EFF slates proposals for copyright infringement system
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The Domain Name Association (DNA) has voiced support for the creation of a voluntary copyright infringement system.
Much like the Uniform Domain Name Dispute Resolution Policy for handling trademark violations, the system would address illegal infringement of copyright through the use of domain names.
“The system would be available for voluntary participation by registries and registrars who would like to work with content owners to combat illegal activity on a more efficient and cost-effective basis, but still adhering to key tenets of due process,” said the association in a statement released on Wednesday, February 8.
The voluntary system is one of four areas addressed by the DNA in its publication of its “healthy practices” initiative.
Online security abuse, child abuse mitigation, and complaint handling from illegal online pharmacies were the three other practice areas.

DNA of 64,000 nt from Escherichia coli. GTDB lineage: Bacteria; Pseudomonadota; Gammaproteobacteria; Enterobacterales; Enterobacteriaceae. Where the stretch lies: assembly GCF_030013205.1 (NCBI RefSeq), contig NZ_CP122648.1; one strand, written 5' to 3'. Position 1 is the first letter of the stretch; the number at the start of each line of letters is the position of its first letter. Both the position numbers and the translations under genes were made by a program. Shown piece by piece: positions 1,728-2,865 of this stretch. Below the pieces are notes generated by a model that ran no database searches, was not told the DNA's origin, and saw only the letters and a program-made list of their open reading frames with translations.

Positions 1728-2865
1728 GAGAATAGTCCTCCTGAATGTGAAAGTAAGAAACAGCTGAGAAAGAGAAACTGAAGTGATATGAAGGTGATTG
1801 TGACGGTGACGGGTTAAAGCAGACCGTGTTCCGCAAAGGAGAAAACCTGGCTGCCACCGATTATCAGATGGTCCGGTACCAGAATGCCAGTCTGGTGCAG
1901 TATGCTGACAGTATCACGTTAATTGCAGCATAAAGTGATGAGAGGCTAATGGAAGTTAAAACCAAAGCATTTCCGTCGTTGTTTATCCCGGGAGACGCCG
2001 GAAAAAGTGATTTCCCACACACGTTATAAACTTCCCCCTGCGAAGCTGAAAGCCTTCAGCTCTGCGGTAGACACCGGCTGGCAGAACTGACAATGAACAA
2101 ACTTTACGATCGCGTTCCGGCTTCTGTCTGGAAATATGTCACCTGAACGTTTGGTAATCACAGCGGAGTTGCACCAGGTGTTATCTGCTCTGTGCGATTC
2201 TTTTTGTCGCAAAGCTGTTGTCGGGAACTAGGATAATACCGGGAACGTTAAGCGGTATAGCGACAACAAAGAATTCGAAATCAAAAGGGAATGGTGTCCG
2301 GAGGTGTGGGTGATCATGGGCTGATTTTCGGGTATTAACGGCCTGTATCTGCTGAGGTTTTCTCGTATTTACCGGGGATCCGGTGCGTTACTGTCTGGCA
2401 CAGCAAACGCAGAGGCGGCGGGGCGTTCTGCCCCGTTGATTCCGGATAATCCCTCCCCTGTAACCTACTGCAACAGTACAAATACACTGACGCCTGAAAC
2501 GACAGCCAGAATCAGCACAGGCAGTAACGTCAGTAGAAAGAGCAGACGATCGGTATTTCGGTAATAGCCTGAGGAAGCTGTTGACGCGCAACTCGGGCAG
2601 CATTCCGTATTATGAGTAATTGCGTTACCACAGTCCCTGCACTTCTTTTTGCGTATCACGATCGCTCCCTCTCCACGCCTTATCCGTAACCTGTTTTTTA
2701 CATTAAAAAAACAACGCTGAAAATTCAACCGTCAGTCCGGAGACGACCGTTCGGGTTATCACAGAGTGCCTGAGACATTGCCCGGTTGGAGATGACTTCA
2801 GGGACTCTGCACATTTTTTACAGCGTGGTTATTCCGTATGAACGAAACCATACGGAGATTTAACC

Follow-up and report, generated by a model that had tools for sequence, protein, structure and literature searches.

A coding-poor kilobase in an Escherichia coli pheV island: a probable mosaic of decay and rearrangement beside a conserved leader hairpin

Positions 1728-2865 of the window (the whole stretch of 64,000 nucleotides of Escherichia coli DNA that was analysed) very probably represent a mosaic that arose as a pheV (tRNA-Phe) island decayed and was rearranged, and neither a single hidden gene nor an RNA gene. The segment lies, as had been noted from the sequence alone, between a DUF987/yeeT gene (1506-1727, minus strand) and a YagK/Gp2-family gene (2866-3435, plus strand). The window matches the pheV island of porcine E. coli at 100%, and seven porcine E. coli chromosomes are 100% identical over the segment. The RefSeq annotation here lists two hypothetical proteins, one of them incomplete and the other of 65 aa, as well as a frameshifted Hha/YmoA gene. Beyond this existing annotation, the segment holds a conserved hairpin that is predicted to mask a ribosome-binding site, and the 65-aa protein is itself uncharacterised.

The publication was produced by the DNA’s Healthy Domains Initiative, an effort to build on the domain name system’s “already secure and stable platform and meet select challenges head-on, before they develop”.
Mason Cole, vice president of domain name company Donuts and chair of the Healthy Domains Initiative Committee, said: “As member companies voluntarily implement measures, the DNA plans to collect and make known examples of the efficacy of healthy practices, so the internet community can understand the efficacy of these measures and contribute additional ideas.”
He added that the committee looks forward to considering additional measures that DNA members can consider as “contributions to the healthy evolution of the internet namespace”.
The DNA surveyed its membership on what, if any, healthy practices were already employed by members and how appealing any proposed new practices were.
The results of the survey found that 78% of respondents said their companies already employed healthy practices outside of the scope of their contracts with ICANN.
It also found that 89% of respondents wanted to expand this list to include additional practices.